In his new book, Catholic bioethicist Nicholas Tonti-Filippini attempts to portray the surgeons involved in organ donation as modern-day grave robbers.
As described in a recent article in The Age, Professor Tonti-Filippini poses that some patients who are diagnosed as “brain dead” are not really dead because there is some mid-brain function. Further, he argues that brain blood flow testing should be performed to ensure these patients are not prematurely declared dead and inappropriately have their organs donated.
So what is brain death and how is it diagnosed?
According to the Australian and New Zealand Intensive Care Society, whole brain death is required for the legal determination of death in Australia and New Zealand. A patient must be declared dead by a physician in order for deceased organ donation to be permitted.
Brain death occurs following a severe brain injury associated with significant elevation of pressure in the skull (called intracranial pressure). As the brain swells, exposure to oxygen reduces and intracranial pressure increases. Eventually brain blood flow ceases and the entire brain, including the brainstem, permanently dies. There is no recovery from brain death.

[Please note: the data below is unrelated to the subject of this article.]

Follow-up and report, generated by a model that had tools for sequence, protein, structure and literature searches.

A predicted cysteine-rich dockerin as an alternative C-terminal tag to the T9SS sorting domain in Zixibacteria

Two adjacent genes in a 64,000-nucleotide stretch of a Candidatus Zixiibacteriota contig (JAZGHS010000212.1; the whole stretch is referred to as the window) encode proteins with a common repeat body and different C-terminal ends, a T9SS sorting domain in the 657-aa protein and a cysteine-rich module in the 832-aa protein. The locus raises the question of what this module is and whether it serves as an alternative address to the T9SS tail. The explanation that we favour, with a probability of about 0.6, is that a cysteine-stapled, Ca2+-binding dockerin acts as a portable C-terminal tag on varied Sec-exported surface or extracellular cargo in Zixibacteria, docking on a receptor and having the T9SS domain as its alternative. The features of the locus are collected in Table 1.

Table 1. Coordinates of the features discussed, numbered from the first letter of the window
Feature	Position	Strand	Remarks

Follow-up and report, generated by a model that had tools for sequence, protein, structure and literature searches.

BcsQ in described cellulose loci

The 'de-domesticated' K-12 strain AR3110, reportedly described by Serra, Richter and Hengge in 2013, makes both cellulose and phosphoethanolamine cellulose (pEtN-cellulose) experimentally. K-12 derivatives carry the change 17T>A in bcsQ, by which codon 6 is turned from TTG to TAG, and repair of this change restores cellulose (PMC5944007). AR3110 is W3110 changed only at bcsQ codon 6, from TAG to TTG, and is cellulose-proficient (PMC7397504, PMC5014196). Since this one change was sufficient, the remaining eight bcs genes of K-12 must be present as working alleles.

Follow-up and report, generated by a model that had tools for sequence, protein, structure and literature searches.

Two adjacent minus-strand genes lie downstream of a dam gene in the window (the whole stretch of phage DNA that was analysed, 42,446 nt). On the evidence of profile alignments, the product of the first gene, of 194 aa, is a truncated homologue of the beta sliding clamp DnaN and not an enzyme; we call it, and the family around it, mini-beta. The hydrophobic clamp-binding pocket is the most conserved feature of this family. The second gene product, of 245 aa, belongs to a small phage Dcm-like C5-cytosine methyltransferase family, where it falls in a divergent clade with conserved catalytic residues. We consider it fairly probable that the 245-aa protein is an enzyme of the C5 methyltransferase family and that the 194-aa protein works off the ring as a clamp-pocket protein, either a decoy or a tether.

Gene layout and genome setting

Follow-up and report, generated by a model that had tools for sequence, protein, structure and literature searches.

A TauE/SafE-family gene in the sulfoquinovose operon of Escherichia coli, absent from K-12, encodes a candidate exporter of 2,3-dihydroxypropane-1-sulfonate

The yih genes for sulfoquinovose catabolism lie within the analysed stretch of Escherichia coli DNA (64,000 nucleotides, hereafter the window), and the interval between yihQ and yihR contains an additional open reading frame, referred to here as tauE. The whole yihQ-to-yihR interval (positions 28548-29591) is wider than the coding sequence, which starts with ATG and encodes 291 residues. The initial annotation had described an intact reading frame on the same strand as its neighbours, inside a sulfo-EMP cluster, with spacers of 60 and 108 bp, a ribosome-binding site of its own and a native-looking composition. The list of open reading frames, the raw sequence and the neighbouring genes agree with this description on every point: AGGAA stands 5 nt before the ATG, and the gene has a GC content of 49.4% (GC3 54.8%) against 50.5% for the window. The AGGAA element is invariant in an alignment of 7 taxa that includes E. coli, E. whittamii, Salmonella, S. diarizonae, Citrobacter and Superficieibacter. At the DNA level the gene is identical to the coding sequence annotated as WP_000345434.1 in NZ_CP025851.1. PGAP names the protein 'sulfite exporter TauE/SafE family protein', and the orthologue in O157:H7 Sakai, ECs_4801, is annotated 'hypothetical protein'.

Neither myself nor Tonti-Filippini are neurologists and it’s important to note that those clinicians are the genuine experts in the field and undertake ongoing research. In fact, the Quality Standards Subcommittee of the American Academy of Neurology updated its practice parameters for determining brain death in 2010.
The Academy also created a brochure which clearly explains the key features of brain death diagnosis to families:
the person is in a permanent coma, and the cause of the coma is known;
all brainstem reflexes have permanently stopped working; and
breathing has permanently stopped.
The views, opinions and positions expressed by these authors and blogs are theirs and do not necessarily represent that of the Bioethics Research Library and Kennedy Institute of Ethics or Georgetown University.